Biodiversity and Evolution of Plants

Maria Brandes

Researcher in the AG Biodiversity and Evolution of Plants


The power of the small

Cyanobacteria are prokaryotic organisms, which belong to the oldest micro-organisms on earth and exist since 3,5 billion years. They can tolerate extreme environmental conditions referring to temperature, pH and salinity. They occur in different habitats all over the world (including hot springs and the Arctic). Cyanobacterial cell size ranges between 0,5 and 40 µm; they were firstly considered to be blue-green algae, because of their ability to photosynthesis. Species of the cyanobacterial phylum are morphological divers. Morphotypes of one species can differ extremely in their appearance living under varying environmental conditions. Therefore, the determination of cyanobacterial species from environmental samples is very challenging.

Reasons for difficulties in determination of cyanobacteria are:

  • two different systems of cyanobacterial classification, which stay in conflict to each other

International Code of Botanical Nomenclature and

Bacteriological Code of Nomenclature

  • difficulties in culturing cyanobacteria in the lab
  • huge variety of morphotypes per species
  • wrong described cyanobacterial strains in sequence databases

Despite their very small size, they play a major role in various global nutrient cycles and are one of the most efficient organisms when it comes to carbon dioxide fixation, which has a huge impact on the world climate. Moreover, cyanobacteria occur in symbiosis with dozens of other organisms (e.g. green algae, diatoms, liverworts, mosses, ferns, cycads, fungi, protocista, sponges, bryozoa, didemnid ascidians, shrimps and mammals). Furthermore, they stabilize sediments e.g. in the Wadden Sea against hydrodynamic erosional forces and produce bio active compounds, which bear a great potential for the pharmaceutical industry.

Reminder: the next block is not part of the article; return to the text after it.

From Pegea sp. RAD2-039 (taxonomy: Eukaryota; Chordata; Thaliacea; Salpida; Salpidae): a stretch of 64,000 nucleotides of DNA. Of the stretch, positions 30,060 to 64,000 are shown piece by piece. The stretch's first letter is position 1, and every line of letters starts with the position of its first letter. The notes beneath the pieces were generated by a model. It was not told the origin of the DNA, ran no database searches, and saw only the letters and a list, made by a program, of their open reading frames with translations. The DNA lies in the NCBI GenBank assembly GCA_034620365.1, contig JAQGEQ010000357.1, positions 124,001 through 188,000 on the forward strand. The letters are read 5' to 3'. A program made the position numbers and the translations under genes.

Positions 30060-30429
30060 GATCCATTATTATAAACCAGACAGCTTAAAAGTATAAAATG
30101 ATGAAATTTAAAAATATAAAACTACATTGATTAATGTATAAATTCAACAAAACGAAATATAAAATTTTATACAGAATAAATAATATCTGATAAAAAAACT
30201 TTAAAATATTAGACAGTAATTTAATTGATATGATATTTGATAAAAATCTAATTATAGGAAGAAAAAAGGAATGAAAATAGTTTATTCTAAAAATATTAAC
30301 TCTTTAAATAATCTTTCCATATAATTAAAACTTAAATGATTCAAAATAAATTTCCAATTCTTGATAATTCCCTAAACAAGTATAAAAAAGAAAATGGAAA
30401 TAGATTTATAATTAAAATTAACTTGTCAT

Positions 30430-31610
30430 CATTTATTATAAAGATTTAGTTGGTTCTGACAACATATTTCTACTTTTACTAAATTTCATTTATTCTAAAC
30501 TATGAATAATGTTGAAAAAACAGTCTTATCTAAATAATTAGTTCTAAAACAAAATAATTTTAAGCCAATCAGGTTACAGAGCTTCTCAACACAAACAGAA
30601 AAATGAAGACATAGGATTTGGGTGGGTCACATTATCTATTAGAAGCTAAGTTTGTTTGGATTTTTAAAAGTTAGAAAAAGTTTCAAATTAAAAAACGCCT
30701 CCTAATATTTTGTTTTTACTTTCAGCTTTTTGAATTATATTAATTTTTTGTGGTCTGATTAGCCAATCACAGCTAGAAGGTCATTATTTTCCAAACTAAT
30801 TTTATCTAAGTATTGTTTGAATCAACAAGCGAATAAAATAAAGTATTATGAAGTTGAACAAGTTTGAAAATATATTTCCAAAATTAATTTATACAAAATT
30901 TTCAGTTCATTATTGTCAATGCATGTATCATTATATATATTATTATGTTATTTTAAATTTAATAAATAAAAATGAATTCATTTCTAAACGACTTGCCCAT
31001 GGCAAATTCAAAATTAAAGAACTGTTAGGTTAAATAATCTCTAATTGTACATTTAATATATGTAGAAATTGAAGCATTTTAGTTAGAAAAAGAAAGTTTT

During my master thesis, I performed cyanobacterial diversity analyses of 22 endolithic (living inside or on the surface of stones) cyanobacterial samples in relation to a salinity gradient in the intertidal zone of the Croatian Adria. Samples of different salinity levels (low, medium and high) were taken from rock pools of 5 separated locations. In order to find out, which taxa occur under certain salinities, the molecular technique of 454 next-generation sequencing (on 16S rRNA gene region) and morphological determinations (microsopy) have been used.

Resulting diversity indices and richness estimates, revealed a high level of diversity, particularly in high salinity samples. The most common cyanobacteria included the genera Hormathonema, Solentia, Hyella and Enthophysalis. Pyrosequencing yielded significantly higher diversity coverage than compared with phenotypic identification. Most of the endolithic cyanobacterial sequences detected in tidal rock pools matched most closely with isolates and clones from similar environments, suggesting that the most microbial members are adapted and suited to inhabit marine endolithic habitats. The relative diversity of the community is greater than those described from harsh endolithic habitats of cold and hot deserts.

The results of this study give an insight into the complex challenges, which lay in modern methods of biodiversity analyses of environmental cyanobacterial communities and may show a possible way forward in suitable describing methods of the diversity of these fascinating microorganisms.

The cyanobacterial appearance may be tiny, but their role in ecosystem function is huge!